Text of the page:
Living in Europe, we don’t celebrate Thanksgiving, and we have another holiday on that day – Day of the Republic. On the other hand, since I teach English, interculturalism is very important in my curriculum, so I was happy to attend a Thanksgiving workshop Beth Wendt, a guest professor from the USA, held at my university. She shared plenty of Thanksgiving activities in her workshop.
This workshop actually took place last year for Thanksgiving, not this year. I completely forgot to write about it, so I remembered to write a reflection now to try to recycle some of the activities we had in my holiday lessons.
I will focus on the activities that we did since they were pretty good. Most of them can be used in any lesson when we want to discover a new culture or holiday.
We started with a conversation and sharing basic information and traditions about Thanksgiving, and then we continued with a very active game which I loved. The game used PowerPoint with photos (just photos, no text) connected to Thanksgiving and strips of papers with words spread out on a desk. We had to move the tables around the classroom to have more space for movement. The professor changed the slides, and as she did, our task was to locate the strip of paper which describes that slide, take it, run to the other desk and drop it there, while also reading the answer. When the professor shared the correct answer, we went to the next slide.
We were separated into two groups, and the group who selected more correct pieces of paper won in the end. The game was very competitive and very fun, and I believe I can use the game with older learners as well, basically with any topic. I would continue with a photo description to further practice English with new words.
Listening, sequencing and filling the blanks
The next thing we did was listening. We watched a video about Thanksgiving traditions and history. Then we filled the blanks and then sequenced the events in the order they were presented in the video. There was one more task with sorting, where we sorted the food from the original Thanksgiving, and the modern Thanksgiving mentioned in the video.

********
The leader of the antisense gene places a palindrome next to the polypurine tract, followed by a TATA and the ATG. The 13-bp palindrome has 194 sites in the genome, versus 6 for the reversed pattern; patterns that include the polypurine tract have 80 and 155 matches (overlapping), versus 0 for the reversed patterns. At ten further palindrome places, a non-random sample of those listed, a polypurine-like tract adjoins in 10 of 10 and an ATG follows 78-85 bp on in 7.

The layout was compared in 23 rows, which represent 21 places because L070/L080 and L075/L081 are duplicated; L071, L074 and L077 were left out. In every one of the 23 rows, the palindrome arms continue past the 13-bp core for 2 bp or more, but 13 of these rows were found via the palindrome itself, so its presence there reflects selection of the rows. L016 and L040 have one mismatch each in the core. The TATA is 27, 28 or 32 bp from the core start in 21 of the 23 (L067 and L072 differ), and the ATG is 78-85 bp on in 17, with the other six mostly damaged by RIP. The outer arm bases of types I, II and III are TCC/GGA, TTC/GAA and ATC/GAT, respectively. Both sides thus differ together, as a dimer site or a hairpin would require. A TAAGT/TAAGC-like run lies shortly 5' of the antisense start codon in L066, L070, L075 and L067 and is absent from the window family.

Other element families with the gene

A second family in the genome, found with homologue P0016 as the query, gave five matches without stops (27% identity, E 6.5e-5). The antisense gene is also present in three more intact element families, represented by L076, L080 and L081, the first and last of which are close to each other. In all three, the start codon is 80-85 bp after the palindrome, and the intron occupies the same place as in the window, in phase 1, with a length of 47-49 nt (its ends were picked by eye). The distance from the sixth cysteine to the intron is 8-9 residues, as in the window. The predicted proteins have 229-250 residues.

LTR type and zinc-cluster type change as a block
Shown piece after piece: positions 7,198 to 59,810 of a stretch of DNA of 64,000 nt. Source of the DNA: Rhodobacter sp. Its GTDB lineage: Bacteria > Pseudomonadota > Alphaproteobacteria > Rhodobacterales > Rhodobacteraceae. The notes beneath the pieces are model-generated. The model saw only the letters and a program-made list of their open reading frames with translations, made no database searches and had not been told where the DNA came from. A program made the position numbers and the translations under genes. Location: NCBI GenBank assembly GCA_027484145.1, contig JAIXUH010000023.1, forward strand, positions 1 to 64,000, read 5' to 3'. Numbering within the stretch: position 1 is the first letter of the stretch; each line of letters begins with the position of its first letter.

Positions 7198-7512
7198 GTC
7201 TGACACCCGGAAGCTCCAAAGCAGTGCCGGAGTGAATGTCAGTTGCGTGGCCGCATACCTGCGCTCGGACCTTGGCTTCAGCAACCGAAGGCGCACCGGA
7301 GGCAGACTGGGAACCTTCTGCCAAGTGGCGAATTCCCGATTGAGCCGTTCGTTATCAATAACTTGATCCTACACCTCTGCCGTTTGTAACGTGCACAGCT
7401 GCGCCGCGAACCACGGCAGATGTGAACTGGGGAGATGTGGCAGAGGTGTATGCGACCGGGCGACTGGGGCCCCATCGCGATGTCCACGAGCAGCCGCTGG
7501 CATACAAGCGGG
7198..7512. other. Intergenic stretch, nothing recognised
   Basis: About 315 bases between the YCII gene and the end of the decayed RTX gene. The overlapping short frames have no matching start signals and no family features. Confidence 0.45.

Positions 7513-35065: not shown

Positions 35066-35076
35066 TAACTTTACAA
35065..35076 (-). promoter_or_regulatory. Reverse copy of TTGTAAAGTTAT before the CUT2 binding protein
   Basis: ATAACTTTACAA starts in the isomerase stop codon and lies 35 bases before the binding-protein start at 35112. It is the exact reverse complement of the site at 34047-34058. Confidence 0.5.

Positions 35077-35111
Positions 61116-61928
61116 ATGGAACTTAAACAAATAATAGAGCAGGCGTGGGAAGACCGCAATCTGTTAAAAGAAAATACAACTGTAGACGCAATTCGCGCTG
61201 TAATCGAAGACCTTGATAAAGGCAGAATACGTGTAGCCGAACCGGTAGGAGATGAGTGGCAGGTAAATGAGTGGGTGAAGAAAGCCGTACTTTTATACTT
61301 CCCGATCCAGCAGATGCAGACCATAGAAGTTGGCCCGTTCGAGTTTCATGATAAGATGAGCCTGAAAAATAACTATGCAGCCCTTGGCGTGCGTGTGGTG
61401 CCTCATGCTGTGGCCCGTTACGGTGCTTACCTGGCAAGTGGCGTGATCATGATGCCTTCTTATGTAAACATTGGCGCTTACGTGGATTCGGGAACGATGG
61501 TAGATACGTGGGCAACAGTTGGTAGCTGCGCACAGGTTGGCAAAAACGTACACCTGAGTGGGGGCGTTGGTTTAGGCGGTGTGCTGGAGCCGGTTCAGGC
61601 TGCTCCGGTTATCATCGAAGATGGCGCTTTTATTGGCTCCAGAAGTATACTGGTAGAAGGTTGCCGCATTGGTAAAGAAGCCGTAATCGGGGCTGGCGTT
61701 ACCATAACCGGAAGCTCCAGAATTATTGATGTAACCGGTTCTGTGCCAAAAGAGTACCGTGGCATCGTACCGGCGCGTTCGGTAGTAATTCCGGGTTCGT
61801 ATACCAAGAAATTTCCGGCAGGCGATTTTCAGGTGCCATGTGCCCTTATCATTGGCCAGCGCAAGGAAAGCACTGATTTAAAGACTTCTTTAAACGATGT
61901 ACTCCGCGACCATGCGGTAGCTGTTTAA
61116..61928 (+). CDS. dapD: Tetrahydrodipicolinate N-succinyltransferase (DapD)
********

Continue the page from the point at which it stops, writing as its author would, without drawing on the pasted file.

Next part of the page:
After the sequencing and sorting, we made a turkey and all of us added one thing we are thankful for. This activity is easy, and it is good for reviewing vocabulary and spelling. Immediately after we started making costumes – in this case, we focused on masks and hats. To inspire us to create our masks, we had a script of a Thanksgiving play. We chose which characters do we want to be, which is important when it comes to motivating young learners to participate. We knew our names and based on them, we were able to create an individualized Native American headdress to match our character.
A Thanksgiving play
When we completed, we started acting out the play, first with the scripts, and then, finally, without scripts. If I ever use plays in holiday lessons, I will definitely do some guided reading first and then demonstration to stress how important body language and intonation is.
The play was focused around the first meeting between the British and the Native Americans, and I believe the British characters had longer lines than Native Americans, which is a great idea if we want all the children to participate in case some children have a bit lower level of English.
To summarize, here are the activities which we did in this Thanksgiving workshop:
- Conversation and answering questions;
- Run and guess vocabulary game with paper strips and ppt;
- Historical video about Thanksgiving – sequencing, and sorting;
- Creating masks and hats for the play;
- Acting out the play.
All in all, the workshop was very fun and we were able to actually learn something new about a holiday we don’t normally have a chance to see. I believe the activities were effective and appropriate for young learners, giving the fact that we had a lot of different tasks.
Have you ever participated in a holiday-themed workshop? If you live in the USA, what are your favorite Thanksgiving workshop activities? Do you think that workshops given by actual native speakers of a language can help understand certain traditions better? Write in the comments or via the contact page, I would love to hear your opinion!